Tuesday, August 12, 2014

Uninsured Americans - The Politics of Health Care

According to a poll by Gallup, since the implementation of the Affordable Care Act, the number of uninsured Americans has slowly dropped but at widely varying rates depending on an adult's state of residence.

Here is a chart showing the five top states with the largest reductions in uninsured residents when comparing the level of uninsured from 2013 to mid-2014:

Of the ten states that report the largest declines in uninsured residents, all ten expanded Medicaid and established state-based marketplace exchanges or state-federal partnerships.

In 2013, the states that chose to expand Medicaid and set up their own exchanges had an uninsured rate of 16.1 percent compared to 18.7 percent for the remaining states, a difference of 2.6 percentage points.  In mid-2014, the 21 states that implemented both Medicaid expansions and their own state exchanges saw their uninsured rates drop to 12.1 percent, a drop of 4.0 percentage points.  This compares to a 16.5 percent uninsured rate, a drop of 2.2 percentage points, for the 29 states that implemented only one of the aforementioned actions or neither.

Here is a chart showing the top five states with the highest uninsured rates in 2013 and their corresponding rates in mid-2014:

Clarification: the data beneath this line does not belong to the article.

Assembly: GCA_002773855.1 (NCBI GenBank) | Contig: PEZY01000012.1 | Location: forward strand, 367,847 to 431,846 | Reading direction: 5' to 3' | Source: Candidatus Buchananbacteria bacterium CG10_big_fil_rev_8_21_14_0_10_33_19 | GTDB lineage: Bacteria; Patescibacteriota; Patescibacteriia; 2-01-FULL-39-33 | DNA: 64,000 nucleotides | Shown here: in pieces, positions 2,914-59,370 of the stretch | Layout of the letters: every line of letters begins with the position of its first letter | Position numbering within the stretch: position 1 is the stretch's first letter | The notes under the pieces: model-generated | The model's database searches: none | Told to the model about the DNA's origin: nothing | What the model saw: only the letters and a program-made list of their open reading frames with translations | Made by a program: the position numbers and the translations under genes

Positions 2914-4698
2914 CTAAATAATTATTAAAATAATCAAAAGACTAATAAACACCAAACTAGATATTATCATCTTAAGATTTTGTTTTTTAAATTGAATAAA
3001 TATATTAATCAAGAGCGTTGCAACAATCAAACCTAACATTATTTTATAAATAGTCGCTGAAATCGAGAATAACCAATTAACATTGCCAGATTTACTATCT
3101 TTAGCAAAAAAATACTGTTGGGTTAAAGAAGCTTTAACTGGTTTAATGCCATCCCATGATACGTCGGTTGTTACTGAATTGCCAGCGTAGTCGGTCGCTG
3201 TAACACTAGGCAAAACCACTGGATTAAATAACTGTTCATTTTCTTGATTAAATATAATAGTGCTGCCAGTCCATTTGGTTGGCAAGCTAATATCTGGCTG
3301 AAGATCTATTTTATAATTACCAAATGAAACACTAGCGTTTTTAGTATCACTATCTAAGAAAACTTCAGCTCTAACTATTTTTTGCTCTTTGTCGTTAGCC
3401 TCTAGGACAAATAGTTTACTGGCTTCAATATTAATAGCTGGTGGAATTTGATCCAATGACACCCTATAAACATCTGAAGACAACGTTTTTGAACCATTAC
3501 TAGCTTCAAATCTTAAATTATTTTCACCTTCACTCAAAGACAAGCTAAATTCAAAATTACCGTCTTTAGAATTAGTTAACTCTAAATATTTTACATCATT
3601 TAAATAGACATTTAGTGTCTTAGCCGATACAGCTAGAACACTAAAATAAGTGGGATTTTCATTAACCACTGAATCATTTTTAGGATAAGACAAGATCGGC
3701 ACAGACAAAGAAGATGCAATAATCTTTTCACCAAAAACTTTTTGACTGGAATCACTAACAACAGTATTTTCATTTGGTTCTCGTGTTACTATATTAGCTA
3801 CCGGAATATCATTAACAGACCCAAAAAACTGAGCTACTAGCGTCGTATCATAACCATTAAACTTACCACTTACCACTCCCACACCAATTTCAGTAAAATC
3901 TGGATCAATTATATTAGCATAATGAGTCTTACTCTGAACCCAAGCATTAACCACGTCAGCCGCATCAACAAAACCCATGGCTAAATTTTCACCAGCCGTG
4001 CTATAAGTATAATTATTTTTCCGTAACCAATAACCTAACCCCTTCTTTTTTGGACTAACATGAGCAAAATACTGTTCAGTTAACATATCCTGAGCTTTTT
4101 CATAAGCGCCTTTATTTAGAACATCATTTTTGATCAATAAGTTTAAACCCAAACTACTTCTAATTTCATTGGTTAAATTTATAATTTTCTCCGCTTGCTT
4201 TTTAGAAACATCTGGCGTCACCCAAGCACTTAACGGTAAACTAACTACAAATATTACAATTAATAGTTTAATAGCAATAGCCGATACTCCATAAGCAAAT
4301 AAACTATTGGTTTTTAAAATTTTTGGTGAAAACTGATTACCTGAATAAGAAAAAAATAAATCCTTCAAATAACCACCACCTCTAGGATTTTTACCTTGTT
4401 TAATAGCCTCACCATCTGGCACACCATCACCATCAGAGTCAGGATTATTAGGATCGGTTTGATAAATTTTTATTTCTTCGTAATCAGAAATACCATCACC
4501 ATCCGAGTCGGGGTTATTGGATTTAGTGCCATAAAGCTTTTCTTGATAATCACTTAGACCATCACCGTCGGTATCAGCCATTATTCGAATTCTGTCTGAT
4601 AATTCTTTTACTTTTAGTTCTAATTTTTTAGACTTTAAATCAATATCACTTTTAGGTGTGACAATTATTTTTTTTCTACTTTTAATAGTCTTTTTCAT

Here is a chart showing the top five states with the least change (or the largest increase) in uninsured rates between 2013 and mid-2014:

Lastly, here is a chart showing the top five states with the highest uninsured rates in mid-2014:

Here is a map from The Commonwealth Fund showing the types of health insurance exchanges that each state has:

Here is a map showing which states are refusing to expand Medicaid coverage and how many residents in those states will remain uninsured:

According to the White House, by refusing to expand Medicaid, state governments will leave 5.7 million Americans uninsured.

And, to close this posting off, here is a map of the red and blue states from the 2012 election showing the overlap:

 Ah, the politics of health care.  There's been nothing quite like it since the Patient Protection and Affordable Care Act first saw the light of day way back in 2009.

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